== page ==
L.A. County to pay nearly $5 million in deputy’s SUV crash
On the morning of June 29, 2008, Robert Moran made a $4.75-million mistake.
He had knocked back a couple of beers hours earlier, dressed for work, jumped into his employer’s SUV and headed off on an important assignment. He was drunk and allegedly speeding when he collided with a smaller car, seriously injuring the other driver.
Moran, a Los Angeles County sheriff’s deputy, was convicted of drunk driving and sentenced to six months in jail. He managed to keep his job with the Sheriff’s Department, but his conduct still exacted a costly toll — at least for county taxpayers who have to pay the multimillion-dollar settlement approved by the Board of Supervisors last week.
The payout might have been even steeper had the other motorist not been intoxicated himself, high on a cocktail of methamphetamine and opiates.
That man, drifter Elias Aldana, then 33, had just pulled out of a motel parking lot with his companion, Savanah Kirifi, said Moran’s criminal attorney, Vicki Podberesky. The driver’s side of their car was smashed, knocking both unconscious, according to court records. Aldana’s injuries were severe: traumatic brain damage, internal organ trauma, and rib and pelvic fractures.
He had meth on him, according to prosecutors. Tests showed he was high on the drug, along with opiates and benzodiazepines.
With both men driving intoxicated, and conflicting witness accounts of the incident, it’s still unclear who ran the red light and caused the crash.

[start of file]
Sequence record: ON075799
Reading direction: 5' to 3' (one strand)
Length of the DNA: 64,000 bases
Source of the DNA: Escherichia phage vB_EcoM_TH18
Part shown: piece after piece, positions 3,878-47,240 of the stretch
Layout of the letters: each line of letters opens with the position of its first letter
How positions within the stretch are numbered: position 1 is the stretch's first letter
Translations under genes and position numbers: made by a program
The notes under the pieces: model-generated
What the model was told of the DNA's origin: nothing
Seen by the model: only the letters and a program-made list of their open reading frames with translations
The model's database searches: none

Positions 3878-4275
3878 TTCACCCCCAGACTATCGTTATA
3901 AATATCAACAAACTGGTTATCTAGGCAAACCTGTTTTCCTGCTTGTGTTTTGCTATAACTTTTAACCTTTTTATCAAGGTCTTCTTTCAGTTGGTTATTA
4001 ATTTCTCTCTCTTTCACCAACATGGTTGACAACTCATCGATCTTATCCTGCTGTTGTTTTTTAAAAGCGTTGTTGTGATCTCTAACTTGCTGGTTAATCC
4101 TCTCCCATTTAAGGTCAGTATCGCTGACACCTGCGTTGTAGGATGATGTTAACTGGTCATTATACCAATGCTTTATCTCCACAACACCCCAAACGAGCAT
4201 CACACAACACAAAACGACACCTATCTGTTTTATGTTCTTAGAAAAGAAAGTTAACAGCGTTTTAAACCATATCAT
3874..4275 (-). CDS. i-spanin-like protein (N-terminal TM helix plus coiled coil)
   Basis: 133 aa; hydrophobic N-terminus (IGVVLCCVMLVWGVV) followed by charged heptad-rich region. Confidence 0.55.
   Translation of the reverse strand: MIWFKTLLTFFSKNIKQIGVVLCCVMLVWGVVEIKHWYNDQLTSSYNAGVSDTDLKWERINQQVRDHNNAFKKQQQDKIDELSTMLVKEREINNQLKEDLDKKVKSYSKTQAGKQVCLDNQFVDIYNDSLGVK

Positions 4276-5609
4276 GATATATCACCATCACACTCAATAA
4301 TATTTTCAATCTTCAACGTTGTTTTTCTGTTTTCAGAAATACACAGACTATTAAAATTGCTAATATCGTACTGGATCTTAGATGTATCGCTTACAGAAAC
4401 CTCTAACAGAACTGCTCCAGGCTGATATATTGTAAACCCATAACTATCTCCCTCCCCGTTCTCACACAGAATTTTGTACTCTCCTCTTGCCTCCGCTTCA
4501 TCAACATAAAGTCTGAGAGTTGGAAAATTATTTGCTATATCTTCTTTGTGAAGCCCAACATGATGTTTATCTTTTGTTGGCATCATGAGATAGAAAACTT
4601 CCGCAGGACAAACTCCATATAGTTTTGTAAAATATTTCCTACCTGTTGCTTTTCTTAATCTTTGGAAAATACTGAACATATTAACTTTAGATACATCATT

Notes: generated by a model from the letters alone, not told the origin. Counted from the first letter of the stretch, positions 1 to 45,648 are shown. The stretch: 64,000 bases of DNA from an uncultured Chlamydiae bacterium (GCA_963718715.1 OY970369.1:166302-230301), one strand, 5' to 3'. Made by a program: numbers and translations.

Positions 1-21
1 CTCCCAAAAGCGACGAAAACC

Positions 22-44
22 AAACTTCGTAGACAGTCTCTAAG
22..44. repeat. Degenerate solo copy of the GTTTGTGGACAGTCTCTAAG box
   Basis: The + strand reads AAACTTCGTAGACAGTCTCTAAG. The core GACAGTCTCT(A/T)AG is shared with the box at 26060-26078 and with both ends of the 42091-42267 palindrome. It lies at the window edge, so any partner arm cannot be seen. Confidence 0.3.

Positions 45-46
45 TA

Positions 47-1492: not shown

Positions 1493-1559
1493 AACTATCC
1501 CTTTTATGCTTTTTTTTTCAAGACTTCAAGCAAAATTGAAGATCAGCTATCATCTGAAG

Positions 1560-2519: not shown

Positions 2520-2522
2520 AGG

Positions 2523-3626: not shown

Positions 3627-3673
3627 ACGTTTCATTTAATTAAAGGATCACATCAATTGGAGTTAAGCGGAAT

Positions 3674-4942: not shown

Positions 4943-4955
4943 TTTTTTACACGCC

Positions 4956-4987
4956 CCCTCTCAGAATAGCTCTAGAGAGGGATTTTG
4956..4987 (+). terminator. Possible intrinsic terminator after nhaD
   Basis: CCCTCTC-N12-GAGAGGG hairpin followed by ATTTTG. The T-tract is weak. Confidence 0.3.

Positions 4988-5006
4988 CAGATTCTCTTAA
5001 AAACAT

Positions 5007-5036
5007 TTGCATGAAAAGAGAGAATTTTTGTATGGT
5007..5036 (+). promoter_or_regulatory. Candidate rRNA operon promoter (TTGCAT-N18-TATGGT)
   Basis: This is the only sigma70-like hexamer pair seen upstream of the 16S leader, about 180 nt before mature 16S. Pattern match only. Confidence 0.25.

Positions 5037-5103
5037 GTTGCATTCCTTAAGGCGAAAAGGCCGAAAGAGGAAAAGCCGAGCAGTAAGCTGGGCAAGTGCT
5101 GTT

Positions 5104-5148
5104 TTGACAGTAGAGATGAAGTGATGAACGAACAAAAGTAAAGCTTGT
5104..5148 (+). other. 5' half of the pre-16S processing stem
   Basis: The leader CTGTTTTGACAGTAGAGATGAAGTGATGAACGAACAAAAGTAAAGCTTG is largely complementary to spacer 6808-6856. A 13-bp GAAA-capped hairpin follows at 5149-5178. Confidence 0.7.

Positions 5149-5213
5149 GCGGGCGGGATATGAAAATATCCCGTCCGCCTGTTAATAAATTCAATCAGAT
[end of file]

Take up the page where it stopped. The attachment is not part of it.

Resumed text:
Moran was arrested and pleaded no contest to two misdemeanor drunk driving charges. Podberesky said she got a deal with prosecutors that allowed the deputy to keep his job. He served most of his jail sentence in home confinement.
She said Aldana’s companion was a transient who disappeared during the deputy’s criminal proceedings.
“She was not to be found,” Podberesky said. Still, last year, she too settled with the county, receiving a $50,000 payout.
Podberesky said the deputy had worked a late shift the night before the accident and drank a couple of beers before going to bed. He was driving to an assignment in Orange County about 5 a.m. the next day and was still intoxicated.
The deputy was given a breathalyzer test, and prosecutors concluded that he had a blood-alcohol level above the legal limit at the time of the accident.
Sheriff’s spokesman Steve Whitmore confirmed that Moran is still a patrol deputy.
“There’s always mitigating circumstances to any case,” Whitmore said, declining to elaborate. “He received the appropriate action.”
County lawyers declined to comment, and attempts to reach Moran were unsuccessful.
The department’s watchdog released a report last year addressing the Sheriff’s Department’s ongoing issues with drunkenness.
Among incidents mentioned in the report were a deputy who fired a handgun into the air on the Redondo Beach pier after drinking at nearby restaurants, and another deputy who was found to be drinking vodka while helping with evacuation efforts after the deadly Station fire.